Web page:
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Dublin: 8°C Tuesday 11 May 2021

Turns out Google Glass doesn't make texting while driving any safer

In fact, there no real difference between using it or a smartphone.

Image: Dominic Lipinski/PA Wire

IT’S STILL A long way from an official release, but those who believe that Google Glass will allow them to carry out certain tasks while driving may be left disappointed.

The first scientific study of driving while texting with Google Glass found there was very little difference between using it or a smartphone.

The study, carried out by the University of Central Florida, found that the reaction times to an unexpected traffic incident, like hitting the brakes, were no different when using the wearable device.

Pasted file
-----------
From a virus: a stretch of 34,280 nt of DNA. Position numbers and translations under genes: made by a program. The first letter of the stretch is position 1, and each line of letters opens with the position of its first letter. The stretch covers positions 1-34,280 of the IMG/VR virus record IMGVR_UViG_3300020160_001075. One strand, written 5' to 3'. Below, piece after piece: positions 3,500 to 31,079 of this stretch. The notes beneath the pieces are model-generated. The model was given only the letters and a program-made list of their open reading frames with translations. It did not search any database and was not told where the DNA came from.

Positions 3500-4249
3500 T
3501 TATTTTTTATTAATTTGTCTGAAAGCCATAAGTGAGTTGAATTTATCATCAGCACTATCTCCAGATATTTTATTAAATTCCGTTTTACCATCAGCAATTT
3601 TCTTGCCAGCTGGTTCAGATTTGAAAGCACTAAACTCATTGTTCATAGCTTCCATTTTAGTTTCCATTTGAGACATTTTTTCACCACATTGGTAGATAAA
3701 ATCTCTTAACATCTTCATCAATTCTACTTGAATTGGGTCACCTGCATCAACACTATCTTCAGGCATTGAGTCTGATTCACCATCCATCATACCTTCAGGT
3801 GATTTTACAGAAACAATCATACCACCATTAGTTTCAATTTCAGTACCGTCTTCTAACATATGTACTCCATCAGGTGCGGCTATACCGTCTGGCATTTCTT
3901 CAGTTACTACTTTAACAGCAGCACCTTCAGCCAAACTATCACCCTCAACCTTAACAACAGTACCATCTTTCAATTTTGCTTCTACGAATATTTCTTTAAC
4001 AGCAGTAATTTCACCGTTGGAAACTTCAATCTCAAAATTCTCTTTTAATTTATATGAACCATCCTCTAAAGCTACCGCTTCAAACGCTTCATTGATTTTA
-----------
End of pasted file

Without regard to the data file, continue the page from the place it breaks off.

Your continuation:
The research team set up the experiment with 40 people in their twenties. Each one driving in a car simulator with either Glass or a smartphone and was forced to react to a vehicle ahead slamming on its brakes.

They then compared text-messaging participants’ reactions on each device to times when they were driving without multitasking, and found that Google Glass didn’t improve their response to a traffic event.

Those using Google Glass are able to send text messages using voice transcriptions as well as head commands, but fears that it would be too distracting while someone is driving has left many concerned.

Although there was one small positive for Google Glass users; they outperformed smartphone users when regaining control of their vehicles after a near miss.

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About the author:

Quinton O'Reilly

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